Loch, B. I. and Belward, J. A. and Hanan, J. S. (2005) Application of surface fitting techniques for the representation of leaf surfaces. In: MODSIM05: International Congress on Modelling and Simulation: Advances and Applications for Management and Decision Making, 12-15 Dec 2005, Melbourne, Australia.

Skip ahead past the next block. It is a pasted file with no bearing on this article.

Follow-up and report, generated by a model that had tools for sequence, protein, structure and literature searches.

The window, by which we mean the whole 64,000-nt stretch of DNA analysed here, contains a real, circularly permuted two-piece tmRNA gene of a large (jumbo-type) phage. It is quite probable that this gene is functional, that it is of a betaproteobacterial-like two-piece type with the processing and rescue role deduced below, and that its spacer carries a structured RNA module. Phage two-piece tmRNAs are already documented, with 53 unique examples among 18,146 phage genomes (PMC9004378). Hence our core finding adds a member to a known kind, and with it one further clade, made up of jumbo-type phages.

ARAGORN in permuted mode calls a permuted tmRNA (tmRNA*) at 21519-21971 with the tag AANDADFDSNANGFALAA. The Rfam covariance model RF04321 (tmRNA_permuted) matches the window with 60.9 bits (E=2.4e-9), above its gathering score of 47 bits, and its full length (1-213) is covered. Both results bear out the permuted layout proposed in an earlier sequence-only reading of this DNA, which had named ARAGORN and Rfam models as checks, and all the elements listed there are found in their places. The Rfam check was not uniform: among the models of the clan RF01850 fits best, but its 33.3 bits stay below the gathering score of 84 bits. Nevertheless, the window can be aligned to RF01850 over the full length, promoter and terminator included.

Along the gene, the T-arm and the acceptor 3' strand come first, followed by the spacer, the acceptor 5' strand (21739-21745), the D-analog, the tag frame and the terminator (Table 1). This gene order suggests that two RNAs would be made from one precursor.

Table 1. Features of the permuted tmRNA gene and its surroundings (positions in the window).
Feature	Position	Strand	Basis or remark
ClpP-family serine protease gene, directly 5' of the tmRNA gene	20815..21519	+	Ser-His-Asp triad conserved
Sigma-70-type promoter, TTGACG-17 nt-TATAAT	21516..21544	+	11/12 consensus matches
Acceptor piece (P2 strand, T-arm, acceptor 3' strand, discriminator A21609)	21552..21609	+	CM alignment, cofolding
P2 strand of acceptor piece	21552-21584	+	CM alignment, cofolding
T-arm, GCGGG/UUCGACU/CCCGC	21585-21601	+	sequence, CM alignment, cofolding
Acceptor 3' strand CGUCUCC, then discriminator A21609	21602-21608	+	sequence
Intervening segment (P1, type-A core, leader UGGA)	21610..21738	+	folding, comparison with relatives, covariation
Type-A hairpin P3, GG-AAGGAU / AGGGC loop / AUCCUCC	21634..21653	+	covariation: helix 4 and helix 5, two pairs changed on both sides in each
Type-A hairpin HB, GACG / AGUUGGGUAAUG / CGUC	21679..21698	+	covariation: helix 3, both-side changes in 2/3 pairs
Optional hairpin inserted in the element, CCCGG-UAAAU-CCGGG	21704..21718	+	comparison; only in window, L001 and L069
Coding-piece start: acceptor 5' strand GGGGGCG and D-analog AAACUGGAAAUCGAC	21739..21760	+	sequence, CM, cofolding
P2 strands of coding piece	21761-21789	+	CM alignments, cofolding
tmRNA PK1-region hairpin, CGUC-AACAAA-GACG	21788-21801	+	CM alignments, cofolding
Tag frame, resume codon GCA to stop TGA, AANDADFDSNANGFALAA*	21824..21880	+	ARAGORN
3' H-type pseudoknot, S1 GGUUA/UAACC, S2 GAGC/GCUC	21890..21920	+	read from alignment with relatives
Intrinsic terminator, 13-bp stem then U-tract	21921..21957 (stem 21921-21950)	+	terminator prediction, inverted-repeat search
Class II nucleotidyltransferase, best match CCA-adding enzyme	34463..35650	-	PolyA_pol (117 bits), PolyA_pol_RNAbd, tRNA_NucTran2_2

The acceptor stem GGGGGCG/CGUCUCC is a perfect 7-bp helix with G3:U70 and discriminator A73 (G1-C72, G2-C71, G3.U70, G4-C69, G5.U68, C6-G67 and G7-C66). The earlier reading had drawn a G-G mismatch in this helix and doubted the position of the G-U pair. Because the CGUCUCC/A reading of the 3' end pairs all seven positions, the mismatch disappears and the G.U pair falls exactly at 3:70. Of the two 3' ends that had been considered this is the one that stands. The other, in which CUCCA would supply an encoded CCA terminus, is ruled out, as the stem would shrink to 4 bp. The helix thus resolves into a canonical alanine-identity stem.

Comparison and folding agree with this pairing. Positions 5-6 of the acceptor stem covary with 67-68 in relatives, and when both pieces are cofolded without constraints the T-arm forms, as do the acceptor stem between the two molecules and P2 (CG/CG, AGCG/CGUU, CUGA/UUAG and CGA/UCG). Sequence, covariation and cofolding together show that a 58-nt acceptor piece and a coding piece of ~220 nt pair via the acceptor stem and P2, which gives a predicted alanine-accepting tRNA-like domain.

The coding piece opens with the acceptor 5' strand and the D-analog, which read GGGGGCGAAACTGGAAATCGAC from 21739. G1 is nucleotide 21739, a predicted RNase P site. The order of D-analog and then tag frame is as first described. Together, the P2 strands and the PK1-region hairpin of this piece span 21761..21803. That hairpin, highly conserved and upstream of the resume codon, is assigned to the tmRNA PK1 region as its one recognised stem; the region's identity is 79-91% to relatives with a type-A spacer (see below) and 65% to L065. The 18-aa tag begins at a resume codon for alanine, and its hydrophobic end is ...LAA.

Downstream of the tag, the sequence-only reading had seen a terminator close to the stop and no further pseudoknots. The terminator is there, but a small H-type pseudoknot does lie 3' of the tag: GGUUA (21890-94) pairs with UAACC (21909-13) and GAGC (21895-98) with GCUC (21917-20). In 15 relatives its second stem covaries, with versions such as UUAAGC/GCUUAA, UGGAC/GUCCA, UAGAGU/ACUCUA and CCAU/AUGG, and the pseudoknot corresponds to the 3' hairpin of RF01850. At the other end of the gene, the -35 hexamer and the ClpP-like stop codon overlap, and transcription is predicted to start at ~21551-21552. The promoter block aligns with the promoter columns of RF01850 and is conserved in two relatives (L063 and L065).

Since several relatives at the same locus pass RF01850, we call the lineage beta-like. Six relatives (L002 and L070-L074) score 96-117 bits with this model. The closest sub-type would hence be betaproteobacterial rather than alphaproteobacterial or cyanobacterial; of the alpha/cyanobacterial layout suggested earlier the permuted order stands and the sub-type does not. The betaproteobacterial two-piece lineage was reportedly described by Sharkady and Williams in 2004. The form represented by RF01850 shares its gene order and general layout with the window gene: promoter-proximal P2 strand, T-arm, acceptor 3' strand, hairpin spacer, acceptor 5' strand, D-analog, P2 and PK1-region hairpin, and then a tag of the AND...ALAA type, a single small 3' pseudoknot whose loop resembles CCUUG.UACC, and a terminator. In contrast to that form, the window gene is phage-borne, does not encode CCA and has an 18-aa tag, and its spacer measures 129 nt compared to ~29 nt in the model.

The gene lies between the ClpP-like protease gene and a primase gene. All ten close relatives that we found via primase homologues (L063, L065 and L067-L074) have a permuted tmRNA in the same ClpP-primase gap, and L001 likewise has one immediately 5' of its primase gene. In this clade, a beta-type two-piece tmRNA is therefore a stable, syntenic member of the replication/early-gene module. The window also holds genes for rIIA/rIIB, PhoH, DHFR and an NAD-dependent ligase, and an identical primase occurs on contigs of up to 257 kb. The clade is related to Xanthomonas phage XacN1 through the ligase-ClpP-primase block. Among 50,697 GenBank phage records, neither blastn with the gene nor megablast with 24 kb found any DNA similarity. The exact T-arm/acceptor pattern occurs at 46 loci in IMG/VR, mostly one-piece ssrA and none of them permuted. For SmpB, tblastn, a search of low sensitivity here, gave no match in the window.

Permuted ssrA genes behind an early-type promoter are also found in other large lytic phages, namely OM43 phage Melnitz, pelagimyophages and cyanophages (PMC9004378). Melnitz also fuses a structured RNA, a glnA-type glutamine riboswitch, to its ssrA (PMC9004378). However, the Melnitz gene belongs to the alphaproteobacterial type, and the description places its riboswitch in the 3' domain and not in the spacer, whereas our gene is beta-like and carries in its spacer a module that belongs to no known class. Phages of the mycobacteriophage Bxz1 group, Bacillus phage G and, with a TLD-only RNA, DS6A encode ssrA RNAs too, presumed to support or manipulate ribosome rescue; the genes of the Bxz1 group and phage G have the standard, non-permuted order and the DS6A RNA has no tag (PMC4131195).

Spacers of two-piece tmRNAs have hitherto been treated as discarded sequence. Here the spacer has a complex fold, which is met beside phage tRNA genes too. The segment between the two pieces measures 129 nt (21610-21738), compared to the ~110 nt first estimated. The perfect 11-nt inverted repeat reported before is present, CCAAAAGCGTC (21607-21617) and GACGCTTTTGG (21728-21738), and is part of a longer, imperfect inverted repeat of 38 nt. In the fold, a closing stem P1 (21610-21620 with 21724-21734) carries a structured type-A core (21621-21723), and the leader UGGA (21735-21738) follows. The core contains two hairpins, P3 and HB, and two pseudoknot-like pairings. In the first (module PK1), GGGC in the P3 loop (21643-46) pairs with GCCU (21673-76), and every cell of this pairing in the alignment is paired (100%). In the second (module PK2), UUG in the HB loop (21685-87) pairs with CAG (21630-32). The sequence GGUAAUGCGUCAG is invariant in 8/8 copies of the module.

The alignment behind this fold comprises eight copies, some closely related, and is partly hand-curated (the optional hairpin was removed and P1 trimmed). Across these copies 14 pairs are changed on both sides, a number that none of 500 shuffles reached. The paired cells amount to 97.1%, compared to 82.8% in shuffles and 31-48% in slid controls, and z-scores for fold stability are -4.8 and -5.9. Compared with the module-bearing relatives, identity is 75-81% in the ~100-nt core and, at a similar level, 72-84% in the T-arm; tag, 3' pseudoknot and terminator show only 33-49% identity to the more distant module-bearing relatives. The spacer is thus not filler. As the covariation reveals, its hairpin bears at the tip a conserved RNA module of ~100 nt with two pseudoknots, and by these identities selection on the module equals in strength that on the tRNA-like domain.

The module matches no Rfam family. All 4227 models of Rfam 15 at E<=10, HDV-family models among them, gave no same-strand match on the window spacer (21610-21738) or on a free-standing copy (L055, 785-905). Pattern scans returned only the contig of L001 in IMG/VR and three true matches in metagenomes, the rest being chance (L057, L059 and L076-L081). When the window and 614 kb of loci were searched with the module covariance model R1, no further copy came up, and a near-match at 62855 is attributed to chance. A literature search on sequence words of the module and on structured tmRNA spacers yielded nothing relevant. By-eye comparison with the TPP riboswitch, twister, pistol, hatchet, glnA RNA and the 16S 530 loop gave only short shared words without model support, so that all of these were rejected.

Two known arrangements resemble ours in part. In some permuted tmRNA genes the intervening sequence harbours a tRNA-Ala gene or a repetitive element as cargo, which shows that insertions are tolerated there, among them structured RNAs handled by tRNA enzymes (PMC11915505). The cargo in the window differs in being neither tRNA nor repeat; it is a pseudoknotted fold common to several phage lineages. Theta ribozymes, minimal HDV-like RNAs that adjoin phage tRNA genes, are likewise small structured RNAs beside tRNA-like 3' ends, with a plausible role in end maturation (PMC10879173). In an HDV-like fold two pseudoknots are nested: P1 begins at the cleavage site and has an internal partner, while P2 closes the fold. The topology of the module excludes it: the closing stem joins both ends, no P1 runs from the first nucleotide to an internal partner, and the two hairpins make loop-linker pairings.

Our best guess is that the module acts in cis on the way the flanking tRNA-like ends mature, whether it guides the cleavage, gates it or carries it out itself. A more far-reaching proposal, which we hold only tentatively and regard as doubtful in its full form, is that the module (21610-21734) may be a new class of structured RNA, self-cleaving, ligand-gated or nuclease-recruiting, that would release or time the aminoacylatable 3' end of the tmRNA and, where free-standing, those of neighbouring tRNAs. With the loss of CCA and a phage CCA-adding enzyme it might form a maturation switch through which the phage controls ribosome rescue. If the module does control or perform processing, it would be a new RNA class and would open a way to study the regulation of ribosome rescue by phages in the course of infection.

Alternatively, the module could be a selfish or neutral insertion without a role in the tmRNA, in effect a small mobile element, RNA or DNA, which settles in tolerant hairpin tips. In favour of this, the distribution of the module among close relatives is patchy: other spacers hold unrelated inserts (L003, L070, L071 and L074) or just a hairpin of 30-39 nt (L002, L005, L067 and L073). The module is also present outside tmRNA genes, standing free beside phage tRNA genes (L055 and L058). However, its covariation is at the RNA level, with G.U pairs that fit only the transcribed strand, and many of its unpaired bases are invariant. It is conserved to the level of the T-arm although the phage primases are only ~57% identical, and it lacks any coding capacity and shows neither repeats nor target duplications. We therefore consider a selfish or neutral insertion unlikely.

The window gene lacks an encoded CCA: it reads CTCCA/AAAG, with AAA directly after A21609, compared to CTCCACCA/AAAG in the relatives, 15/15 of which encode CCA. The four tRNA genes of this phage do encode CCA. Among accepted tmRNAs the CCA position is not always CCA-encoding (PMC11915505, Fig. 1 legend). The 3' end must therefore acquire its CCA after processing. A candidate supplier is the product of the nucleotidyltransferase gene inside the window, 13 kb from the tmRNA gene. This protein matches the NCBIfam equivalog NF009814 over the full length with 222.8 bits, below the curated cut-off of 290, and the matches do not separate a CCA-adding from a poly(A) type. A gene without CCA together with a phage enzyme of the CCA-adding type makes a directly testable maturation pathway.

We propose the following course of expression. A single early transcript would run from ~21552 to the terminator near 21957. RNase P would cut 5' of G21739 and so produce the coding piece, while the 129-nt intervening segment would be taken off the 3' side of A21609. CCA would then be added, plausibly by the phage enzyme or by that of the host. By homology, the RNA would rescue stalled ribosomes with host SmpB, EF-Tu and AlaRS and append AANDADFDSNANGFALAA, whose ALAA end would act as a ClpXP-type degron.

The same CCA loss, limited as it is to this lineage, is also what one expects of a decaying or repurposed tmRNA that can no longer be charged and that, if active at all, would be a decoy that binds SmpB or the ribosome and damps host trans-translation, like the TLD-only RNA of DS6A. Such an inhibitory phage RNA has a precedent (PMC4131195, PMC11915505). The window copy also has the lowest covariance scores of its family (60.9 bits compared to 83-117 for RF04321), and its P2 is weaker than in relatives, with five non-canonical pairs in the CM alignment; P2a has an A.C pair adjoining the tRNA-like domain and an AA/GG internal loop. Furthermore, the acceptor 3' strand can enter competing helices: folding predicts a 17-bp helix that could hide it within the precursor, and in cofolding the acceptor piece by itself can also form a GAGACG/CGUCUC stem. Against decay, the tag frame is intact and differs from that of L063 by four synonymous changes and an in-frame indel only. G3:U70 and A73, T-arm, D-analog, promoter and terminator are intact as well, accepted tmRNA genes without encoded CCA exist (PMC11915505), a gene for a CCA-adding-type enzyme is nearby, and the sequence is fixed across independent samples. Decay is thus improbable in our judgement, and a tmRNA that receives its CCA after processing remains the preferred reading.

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Leaves play a vital role in the development of a plant, as they are major resource collectors. Adequate representations of leaves are therefore required for the modelling of plants. Such representations may be important to generate a realistic visualisation, or they may be used to study biological processes such as photosynthesis and canopy light environment. Accurate leaf surface representations are rarely found in the plant modelling community. This paper aims to show how detailed, accurate representations of leaf surfaces can be created from data; representations that may then be used as parts of virtual plants for applications in fields as diverse as the arts, agriculture or computer games. The techniques used here are mathematical methods of surface fitting applied to data that has been sampled from real leaves with a laser scanner (Polhemus FastSCAN 3D). These methods are interpolating finite element techniques, one using linear triangular elements, the other piecewise cubic triangles. The size of a laser scanned data set can be enormous and it may be important to represent the surface with significantly fewer points. An incremental algorithm is therefore used to identify significant points that result in a surface fit that approximates the entire data set to a pre-specified accuracy. The algorithms are applied to two examples, a Frangipani leaf and a Flame Tree leaf. The research presented in this paper is the first to model detailed and accurate leaf surfaces based on three-dimensional data points captured from real leaf surfaces. It provided a basis on which further research can be built. For example, detailed and accurate surface representations may be used in the simulation of pesticide deposition on leaf surfaces to determine the effectiveness of a treatment and help develop improved pesticide application techniques.
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